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Temporality in Human Action

Temporality in Human Action Two distinguishable explanatory systems characterize current psychology. Positivism achieves certainty through atemporal causality as borrowed from the natural sciences. Historicism rejects this notion of causality but retains the traditional notion of the atemporal nature of certainty. Because of this stance, historicist psychologies have not been able to provide a genuine alternative to positivism. These two views, because of their common conception of atemporality as the foundation of certainty, and because of their conflation of intelligibility with certainty, are founded on the same metaphysical ground. It is argued that a genuine alternative to the shared problems of positivism and historicism must begin with a radical departure from the received view of lineal time. From the point of view of the works of Martin Heidegger and Hans-Georg Gadamer, it is argued that intelligibility in the human world is possible without atemporal causality. Temporality is the proper and productive grounding for the human sciences. http://www.deepdyve.com/assets/images/DeepDyve-Logo-lg.png American Psychologist American Psychological Association

Temporality in Human Action

American Psychologist , Volume 40 (11): 10 – Nov 1, 1985

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Publisher
American Psychological Association
Copyright
Copyright © 1985 American Psychological Association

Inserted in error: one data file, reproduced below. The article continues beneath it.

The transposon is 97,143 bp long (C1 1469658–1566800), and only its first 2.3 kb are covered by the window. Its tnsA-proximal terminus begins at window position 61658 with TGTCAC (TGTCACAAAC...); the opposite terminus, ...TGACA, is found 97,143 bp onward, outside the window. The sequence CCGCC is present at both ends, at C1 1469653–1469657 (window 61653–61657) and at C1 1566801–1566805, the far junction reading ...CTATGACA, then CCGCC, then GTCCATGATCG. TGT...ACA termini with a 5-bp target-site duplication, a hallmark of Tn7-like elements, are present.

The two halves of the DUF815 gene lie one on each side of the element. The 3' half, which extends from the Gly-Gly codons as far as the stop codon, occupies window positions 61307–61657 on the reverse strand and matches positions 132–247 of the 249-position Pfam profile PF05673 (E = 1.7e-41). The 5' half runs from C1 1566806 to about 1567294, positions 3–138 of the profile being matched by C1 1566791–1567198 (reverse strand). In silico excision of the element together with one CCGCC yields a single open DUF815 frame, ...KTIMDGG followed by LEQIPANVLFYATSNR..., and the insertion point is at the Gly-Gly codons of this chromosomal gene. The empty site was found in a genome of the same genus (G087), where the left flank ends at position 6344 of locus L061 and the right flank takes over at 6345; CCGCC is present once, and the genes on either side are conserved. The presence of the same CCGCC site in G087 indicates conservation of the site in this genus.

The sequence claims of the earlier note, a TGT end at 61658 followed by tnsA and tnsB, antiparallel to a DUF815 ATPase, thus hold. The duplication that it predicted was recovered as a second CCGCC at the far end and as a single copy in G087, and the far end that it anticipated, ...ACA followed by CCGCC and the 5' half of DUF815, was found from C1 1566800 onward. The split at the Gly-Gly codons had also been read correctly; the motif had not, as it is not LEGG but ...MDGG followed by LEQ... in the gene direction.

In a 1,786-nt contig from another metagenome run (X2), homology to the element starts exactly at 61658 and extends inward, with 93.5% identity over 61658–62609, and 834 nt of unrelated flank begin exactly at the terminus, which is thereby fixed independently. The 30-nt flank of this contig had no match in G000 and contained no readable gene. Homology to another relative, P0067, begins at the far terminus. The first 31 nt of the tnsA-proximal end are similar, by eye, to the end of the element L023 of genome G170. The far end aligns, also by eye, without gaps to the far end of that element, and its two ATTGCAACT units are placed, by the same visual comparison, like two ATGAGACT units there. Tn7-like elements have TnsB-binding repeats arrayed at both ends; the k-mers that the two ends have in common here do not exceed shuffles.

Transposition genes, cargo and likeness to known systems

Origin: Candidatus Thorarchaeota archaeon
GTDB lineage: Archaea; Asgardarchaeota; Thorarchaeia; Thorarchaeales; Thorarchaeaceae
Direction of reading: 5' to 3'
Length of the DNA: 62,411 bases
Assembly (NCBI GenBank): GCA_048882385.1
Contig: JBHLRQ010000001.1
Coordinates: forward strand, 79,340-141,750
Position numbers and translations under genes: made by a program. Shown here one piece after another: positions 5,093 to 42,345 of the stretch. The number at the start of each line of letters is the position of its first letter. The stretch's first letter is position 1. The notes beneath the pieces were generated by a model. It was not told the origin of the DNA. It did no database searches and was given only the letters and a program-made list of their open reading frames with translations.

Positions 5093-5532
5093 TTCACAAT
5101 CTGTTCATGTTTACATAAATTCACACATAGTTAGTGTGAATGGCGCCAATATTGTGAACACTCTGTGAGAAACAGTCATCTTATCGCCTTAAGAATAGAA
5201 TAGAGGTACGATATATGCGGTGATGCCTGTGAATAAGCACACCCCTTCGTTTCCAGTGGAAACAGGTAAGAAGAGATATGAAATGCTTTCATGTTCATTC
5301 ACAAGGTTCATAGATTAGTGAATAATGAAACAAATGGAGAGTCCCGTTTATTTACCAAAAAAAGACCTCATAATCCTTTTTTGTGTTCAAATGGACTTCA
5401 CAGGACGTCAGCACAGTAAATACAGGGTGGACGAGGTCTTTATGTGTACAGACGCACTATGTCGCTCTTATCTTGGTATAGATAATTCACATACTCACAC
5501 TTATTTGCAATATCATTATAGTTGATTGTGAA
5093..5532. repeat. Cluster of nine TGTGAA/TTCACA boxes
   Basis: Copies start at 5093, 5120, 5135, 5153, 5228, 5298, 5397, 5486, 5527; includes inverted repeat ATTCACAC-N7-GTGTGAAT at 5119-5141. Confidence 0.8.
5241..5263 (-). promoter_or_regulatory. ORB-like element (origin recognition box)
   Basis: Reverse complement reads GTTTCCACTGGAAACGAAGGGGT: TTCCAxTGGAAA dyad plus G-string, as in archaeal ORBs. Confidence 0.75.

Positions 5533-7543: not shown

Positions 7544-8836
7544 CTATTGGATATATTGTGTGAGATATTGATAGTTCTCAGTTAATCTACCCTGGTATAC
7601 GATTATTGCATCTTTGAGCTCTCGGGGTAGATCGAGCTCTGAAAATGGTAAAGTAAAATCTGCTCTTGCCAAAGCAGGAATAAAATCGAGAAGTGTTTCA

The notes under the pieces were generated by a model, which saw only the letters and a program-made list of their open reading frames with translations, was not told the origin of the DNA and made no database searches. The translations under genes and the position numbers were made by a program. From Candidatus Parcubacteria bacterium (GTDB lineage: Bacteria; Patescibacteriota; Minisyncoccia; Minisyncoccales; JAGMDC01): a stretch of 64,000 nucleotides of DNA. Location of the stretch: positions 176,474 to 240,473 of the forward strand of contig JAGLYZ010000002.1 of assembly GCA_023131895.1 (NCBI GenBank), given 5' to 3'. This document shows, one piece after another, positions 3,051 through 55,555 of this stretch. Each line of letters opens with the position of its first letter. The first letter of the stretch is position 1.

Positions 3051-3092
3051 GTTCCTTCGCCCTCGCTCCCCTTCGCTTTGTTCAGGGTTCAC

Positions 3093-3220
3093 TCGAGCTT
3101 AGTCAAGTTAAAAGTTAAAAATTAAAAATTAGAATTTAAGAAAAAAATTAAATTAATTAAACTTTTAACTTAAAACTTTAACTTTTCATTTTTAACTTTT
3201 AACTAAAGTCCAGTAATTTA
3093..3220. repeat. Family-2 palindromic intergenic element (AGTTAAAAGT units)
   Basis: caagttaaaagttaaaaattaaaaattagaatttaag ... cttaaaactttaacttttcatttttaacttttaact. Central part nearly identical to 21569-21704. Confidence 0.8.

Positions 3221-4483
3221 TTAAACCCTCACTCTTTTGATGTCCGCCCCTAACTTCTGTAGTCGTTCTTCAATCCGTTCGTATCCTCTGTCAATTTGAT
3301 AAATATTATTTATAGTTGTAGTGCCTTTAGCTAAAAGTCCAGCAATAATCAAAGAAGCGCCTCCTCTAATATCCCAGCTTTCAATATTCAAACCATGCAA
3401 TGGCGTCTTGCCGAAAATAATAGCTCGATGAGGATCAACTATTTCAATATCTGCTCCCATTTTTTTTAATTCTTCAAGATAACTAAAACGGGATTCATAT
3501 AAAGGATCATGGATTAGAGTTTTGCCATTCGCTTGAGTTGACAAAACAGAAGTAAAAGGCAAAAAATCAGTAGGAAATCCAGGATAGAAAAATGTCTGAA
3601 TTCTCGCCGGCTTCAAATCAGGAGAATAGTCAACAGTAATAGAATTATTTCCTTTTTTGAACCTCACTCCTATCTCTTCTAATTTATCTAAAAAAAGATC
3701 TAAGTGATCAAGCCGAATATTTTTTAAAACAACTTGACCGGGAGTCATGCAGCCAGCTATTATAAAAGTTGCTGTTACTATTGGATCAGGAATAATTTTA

ISSN
0003-066x
eISSN
1935-990X
DOI
10.1037/0003-066X.40.11.1179
Publisher site
See Article on Publisher Site

Abstract

Two distinguishable explanatory systems characterize current psychology. Positivism achieves certainty through atemporal causality as borrowed from the natural sciences. Historicism rejects this notion of causality but retains the traditional notion of the atemporal nature of certainty. Because of this stance, historicist psychologies have not been able to provide a genuine alternative to positivism. These two views, because of their common conception of atemporality as the foundation of certainty, and because of their conflation of intelligibility with certainty, are founded on the same metaphysical ground. It is argued that a genuine alternative to the shared problems of positivism and historicism must begin with a radical departure from the received view of lineal time. From the point of view of the works of Martin Heidegger and Hans-Georg Gadamer, it is argued that intelligibility in the human world is possible without atemporal causality. Temporality is the proper and productive grounding for the human sciences.

Journal

American PsychologistAmerican Psychological Association

Published: Nov 1, 1985

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